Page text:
The Martin narrative suggested that student-athletes were drawn to AFAM in part because it was a generally easy major and that it was something of an added bonus that the department offered a particularly accommodating route for players to complete their work. By contrast, the Wainstein report suggests that the attraction of student-athletes to AFAM wasn’t primarily because it was a slide major in general. Indeed, the gap in GPA between the paper classes and regular AFAM courses was substantial. The clustering in AFAM among athletes, it seems clear, resulted specifically from the introduction and extension of a parallel curriculum comprising bogus classes. At UNC, that bogus curriculum happened to be housed in AFAM. In other similar scandals, like those at Auburn and the University of Michigan, key offending departments were sociology and psychology, respectively. But the existence of the parallel curriculum in AFAM at UNC really had little to nothing to do with the nature and rigor of AFAM generally. 3) Two additional pieces of data from the report struck me: a) Per Wainstein: “Of 154 students who enrolled in five or more [non-independent study paper classes], 109 (70.8%) were student-athletes.” This cohort didn’t merely rely on paper classes for the occasional breather. Instead, paper classes were essential to their ability to graduate or, at a minimum, maintain eligibility. b) of the 3,900+ student enrollments in the paper classes, about 47% were athletes, when athletes make up about four percent of the student body. Even more disproportionate, football and basketball players accounted for nearly 25% of paper class enrollments. Their proportion of the student body – about seven-tenths of one percent.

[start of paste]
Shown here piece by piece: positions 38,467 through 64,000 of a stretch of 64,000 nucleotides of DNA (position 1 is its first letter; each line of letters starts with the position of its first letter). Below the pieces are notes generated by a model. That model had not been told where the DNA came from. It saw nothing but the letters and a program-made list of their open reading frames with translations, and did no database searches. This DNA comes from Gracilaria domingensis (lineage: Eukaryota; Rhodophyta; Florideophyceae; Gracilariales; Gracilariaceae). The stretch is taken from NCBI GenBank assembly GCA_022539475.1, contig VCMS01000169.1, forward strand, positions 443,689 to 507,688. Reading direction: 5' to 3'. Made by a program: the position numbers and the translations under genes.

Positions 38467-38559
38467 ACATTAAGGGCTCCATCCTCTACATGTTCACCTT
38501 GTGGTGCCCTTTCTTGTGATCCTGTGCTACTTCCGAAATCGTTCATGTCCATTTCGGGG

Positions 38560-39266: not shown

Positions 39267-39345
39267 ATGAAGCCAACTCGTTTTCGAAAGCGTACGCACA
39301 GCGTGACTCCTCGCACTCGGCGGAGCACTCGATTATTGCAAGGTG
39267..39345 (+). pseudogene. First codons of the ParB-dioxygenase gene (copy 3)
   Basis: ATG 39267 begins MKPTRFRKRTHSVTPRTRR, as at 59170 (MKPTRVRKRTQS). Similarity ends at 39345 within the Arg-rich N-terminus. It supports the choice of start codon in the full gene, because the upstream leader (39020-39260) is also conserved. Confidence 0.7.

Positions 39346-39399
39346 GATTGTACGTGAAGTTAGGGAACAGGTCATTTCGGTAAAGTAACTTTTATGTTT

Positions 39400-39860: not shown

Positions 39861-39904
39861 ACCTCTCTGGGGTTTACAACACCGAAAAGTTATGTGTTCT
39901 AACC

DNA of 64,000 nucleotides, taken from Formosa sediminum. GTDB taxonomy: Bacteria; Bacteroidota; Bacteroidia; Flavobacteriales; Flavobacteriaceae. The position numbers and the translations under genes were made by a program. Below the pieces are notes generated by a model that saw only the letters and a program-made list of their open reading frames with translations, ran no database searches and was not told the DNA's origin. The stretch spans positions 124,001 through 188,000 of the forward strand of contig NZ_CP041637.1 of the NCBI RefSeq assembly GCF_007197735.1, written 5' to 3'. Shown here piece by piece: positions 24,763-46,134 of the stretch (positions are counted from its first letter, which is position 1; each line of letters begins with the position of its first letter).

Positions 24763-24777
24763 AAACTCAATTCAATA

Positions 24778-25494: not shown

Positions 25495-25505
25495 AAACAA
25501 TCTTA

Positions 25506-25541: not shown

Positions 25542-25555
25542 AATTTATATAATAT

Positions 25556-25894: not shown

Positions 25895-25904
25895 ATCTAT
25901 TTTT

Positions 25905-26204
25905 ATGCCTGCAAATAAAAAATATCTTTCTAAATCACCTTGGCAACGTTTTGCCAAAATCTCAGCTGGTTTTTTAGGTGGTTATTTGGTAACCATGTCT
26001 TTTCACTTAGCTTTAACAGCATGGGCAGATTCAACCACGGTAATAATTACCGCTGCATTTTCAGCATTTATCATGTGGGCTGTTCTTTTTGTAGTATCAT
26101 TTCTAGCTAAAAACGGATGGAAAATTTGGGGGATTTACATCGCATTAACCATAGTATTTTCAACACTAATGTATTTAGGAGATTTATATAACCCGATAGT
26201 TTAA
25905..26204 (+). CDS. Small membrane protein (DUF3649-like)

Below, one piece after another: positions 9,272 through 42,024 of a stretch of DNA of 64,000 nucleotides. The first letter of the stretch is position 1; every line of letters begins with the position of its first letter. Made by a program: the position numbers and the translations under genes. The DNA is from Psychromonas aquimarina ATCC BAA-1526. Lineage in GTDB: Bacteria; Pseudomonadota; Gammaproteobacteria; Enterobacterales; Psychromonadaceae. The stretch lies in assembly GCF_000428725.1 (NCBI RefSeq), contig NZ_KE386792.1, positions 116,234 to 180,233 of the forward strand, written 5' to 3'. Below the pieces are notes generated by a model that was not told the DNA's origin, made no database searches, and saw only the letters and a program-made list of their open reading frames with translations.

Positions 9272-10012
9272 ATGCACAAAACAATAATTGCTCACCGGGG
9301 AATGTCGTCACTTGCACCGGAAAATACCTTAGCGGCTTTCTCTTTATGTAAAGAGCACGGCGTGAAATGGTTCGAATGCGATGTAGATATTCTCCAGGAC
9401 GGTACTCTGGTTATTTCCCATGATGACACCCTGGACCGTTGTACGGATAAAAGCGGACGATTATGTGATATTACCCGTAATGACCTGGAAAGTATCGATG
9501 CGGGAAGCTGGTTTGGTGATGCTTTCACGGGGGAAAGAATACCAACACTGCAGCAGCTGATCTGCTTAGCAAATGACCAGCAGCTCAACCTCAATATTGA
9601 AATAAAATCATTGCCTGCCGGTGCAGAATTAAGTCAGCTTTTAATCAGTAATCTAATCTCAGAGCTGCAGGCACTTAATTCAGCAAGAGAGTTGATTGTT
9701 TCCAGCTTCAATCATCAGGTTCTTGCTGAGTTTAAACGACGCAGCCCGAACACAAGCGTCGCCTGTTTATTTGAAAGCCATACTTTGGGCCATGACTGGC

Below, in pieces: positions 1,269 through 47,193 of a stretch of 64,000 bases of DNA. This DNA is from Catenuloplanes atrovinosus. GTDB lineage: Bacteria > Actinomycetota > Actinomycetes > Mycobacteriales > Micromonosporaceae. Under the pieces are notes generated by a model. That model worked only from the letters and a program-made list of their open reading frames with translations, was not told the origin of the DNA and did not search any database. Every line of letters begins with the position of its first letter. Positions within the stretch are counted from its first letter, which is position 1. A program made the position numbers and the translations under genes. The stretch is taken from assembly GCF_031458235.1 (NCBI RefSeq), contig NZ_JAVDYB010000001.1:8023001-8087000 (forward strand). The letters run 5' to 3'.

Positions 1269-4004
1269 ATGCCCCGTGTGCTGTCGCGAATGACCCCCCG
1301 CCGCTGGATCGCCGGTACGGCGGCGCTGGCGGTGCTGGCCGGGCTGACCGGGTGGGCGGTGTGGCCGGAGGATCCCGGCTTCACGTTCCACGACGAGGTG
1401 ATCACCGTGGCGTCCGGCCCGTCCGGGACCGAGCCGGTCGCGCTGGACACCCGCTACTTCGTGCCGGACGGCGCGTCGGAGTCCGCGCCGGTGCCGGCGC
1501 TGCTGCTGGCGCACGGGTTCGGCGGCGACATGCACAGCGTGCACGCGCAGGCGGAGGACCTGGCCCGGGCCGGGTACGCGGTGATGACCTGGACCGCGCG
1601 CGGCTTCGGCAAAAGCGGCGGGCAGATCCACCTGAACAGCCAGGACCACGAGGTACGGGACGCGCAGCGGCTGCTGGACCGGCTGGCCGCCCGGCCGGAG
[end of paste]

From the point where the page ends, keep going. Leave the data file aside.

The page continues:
The Wainstein Report

(A quick note on comments. I welcome disagreement. But I won’t publish stupid personal attacks on certain individuals. Carry on).

Before I jump in, I want to note that one or more people I know are losing their jobs over this. I am not going to weigh in on whether they should or not. But it’s all pretty sobering.

Some thoughts:

1) the first conclusion in the 2012 Martin report, for which UNC paid a minimum of half a million dollars reads: “This was not an athletic scandal. Sadly, it was clearly an academic scandal; but an isolated one within this one department.”

That conclusion is now no longer credible (not that it ever was, but it stood, in some respects, as the university’s official line, until yesterday).

That’s a good thing.